What does a school community say about its values when it organizes around a single sex or co-ed structure? What assumptions are made about the essence of girls and boys? And what lessons do these assumptions teach students? The decision to segregate or integrate by gender is profoundly important. The Town School has been committed to co-education since its founding in 1913, and we believe that a school for girls and boys teaches a number of important lessons and assumptions about gender that will have a positive impact on learning and the development of children.
The lessons taught in a co-ed school are essential: that school is a place to encounter, understand, and work with the other gender; that the genders are, fundamentally, compatible; that girls and boys can – and should – learn from each other; that differences, when they do exist, can be understood. These are powerful assumptions and can have a significant impact on student learning.
Co-educational schools teach important skills that will be called on for success in later schooling and life.
In a co-ed school girls and boys can also know that when they succeed they are doing so with the other gender present – as it is and will be in the real world – and this can only have a positive impact on future achievement and self-esteem. And this issue of the world as it is remains an important reason to support co-education. The world is comprised of men and women, boys and girls, and if a school’s mission is to prepare students for life in the world, then co-educational schools have an advantage and teach important skills that will be called on for success in later schooling and life.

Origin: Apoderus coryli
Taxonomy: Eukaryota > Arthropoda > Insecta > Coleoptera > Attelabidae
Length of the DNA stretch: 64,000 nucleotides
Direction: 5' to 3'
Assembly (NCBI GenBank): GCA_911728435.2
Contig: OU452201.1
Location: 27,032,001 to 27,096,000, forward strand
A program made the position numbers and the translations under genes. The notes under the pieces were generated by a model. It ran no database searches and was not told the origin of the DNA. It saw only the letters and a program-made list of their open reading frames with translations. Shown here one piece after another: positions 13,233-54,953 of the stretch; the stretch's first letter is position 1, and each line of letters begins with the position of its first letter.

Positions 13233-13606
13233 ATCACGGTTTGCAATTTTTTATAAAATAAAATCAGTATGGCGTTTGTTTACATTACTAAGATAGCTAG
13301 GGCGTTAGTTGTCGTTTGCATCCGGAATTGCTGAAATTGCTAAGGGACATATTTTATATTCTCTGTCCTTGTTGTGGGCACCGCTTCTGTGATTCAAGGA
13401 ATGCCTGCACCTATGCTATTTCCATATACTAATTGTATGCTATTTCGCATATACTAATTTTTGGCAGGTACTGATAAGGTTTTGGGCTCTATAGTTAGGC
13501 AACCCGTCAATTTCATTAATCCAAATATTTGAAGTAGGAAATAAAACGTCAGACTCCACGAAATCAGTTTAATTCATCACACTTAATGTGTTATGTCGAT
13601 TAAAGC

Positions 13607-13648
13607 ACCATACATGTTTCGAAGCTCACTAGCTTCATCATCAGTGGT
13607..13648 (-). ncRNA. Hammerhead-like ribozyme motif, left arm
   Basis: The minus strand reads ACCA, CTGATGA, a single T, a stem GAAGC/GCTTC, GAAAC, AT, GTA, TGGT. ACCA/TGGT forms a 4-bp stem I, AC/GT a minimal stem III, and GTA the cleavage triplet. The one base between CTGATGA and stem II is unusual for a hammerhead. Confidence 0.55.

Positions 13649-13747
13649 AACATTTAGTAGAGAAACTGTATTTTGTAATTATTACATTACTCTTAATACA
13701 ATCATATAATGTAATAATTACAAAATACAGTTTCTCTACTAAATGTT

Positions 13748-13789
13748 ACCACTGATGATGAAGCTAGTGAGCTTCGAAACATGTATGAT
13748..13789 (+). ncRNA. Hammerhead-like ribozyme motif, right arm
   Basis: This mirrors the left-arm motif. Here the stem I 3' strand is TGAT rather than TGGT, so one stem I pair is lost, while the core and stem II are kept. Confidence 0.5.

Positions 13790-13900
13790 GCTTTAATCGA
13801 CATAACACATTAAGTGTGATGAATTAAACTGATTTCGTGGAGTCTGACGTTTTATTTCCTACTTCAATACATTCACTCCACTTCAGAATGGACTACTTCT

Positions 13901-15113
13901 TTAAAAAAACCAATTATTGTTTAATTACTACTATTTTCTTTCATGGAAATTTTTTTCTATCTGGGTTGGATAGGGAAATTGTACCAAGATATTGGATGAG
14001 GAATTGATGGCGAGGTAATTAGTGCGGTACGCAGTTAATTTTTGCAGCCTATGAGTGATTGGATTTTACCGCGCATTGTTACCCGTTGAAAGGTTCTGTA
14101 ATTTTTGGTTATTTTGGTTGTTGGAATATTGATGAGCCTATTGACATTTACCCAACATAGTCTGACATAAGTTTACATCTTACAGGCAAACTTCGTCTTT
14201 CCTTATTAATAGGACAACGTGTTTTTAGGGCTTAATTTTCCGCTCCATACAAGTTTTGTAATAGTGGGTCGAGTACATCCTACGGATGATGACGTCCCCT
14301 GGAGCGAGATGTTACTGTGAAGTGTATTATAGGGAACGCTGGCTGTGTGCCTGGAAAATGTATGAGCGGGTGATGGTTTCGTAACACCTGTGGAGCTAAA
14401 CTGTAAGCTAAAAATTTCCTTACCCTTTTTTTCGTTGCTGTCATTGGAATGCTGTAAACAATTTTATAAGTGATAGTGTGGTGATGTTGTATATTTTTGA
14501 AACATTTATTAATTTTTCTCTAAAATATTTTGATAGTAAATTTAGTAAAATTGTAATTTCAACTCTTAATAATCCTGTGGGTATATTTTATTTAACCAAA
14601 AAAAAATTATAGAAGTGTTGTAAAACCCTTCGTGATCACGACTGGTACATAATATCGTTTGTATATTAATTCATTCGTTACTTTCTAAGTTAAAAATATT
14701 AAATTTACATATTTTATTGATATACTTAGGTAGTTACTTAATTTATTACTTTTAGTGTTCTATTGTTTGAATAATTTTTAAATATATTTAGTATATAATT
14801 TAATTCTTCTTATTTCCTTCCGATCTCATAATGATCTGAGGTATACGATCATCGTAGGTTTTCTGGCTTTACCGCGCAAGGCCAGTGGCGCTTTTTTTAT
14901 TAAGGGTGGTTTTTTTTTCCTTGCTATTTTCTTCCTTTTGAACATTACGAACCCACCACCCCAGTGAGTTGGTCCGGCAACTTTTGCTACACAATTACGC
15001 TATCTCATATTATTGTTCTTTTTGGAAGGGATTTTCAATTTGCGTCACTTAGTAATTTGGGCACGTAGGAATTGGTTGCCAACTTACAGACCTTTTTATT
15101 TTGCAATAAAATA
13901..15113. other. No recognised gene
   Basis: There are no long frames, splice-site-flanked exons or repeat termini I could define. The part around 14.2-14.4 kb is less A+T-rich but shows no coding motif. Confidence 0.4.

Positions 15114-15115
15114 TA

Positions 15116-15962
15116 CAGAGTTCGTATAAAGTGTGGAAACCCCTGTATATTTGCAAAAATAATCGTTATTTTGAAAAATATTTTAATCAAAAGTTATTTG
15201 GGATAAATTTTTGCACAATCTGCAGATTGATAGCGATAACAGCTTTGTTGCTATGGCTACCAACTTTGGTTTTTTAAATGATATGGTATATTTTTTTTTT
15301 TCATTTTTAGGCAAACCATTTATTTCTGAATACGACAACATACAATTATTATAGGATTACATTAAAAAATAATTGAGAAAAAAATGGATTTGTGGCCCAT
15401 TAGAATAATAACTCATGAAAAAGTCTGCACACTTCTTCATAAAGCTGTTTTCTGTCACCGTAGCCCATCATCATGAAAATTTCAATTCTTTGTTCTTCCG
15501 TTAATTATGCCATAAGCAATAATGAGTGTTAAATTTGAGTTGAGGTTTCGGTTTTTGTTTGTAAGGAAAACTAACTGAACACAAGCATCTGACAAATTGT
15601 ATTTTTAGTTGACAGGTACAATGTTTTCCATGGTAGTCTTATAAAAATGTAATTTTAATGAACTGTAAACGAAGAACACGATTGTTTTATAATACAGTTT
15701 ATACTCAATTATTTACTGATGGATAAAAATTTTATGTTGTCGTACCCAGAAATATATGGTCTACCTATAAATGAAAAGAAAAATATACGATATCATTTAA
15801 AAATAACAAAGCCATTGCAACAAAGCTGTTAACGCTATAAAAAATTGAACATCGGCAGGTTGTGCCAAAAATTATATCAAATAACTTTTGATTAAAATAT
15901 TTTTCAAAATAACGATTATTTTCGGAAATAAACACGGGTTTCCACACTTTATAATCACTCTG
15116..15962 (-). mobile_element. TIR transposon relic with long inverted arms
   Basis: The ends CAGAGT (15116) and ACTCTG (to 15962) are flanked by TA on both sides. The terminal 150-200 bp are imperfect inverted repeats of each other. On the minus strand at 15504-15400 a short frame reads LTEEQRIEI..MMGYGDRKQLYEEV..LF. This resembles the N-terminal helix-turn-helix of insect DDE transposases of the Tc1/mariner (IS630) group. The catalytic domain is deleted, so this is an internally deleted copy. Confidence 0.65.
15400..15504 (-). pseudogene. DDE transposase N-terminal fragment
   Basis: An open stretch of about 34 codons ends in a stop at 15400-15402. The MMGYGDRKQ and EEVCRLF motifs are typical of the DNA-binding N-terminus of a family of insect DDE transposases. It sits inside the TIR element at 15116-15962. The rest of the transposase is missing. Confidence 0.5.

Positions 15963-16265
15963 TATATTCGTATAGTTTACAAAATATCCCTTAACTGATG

There is also the issue of diversity. A diverse school experience – featuring contact with people from different backgrounds, cultures, belief systems, and, yes, genders – is a positive. A co-educational school does, then, offer an experience that is more real and powerful.
Does this mean that gender differences are of no concern? Of course not – gender does matter - as do a large number of other variables. One must be aware, though, that much of the “research” that has been done on the subject of gender and learning is anecdotal, inconclusive, and ill conceived. It is very difficult to isolate the impact that gender has on learning when many other factors – including school structure, socioeconomic backgrounds, and the quality of the teachers and teaching – are such important contributing variables.
Girls and boys can – and should – learn from each other.
The assumptions about gender that are made by single sex and co-ed schools are important ones. They point to beliefs and values about how, in essence, boys and girls and women and men do, and should, interact. They make judgments about how to prepare students for their place in the world. They may reinforce – or usurp – societal conventions about the nature, behavior, and potential of girls and boys. The Town School mission is built on the belief that co-educational nursery, elementary, and middle school teaching and learning is the most appropriate and powerful model.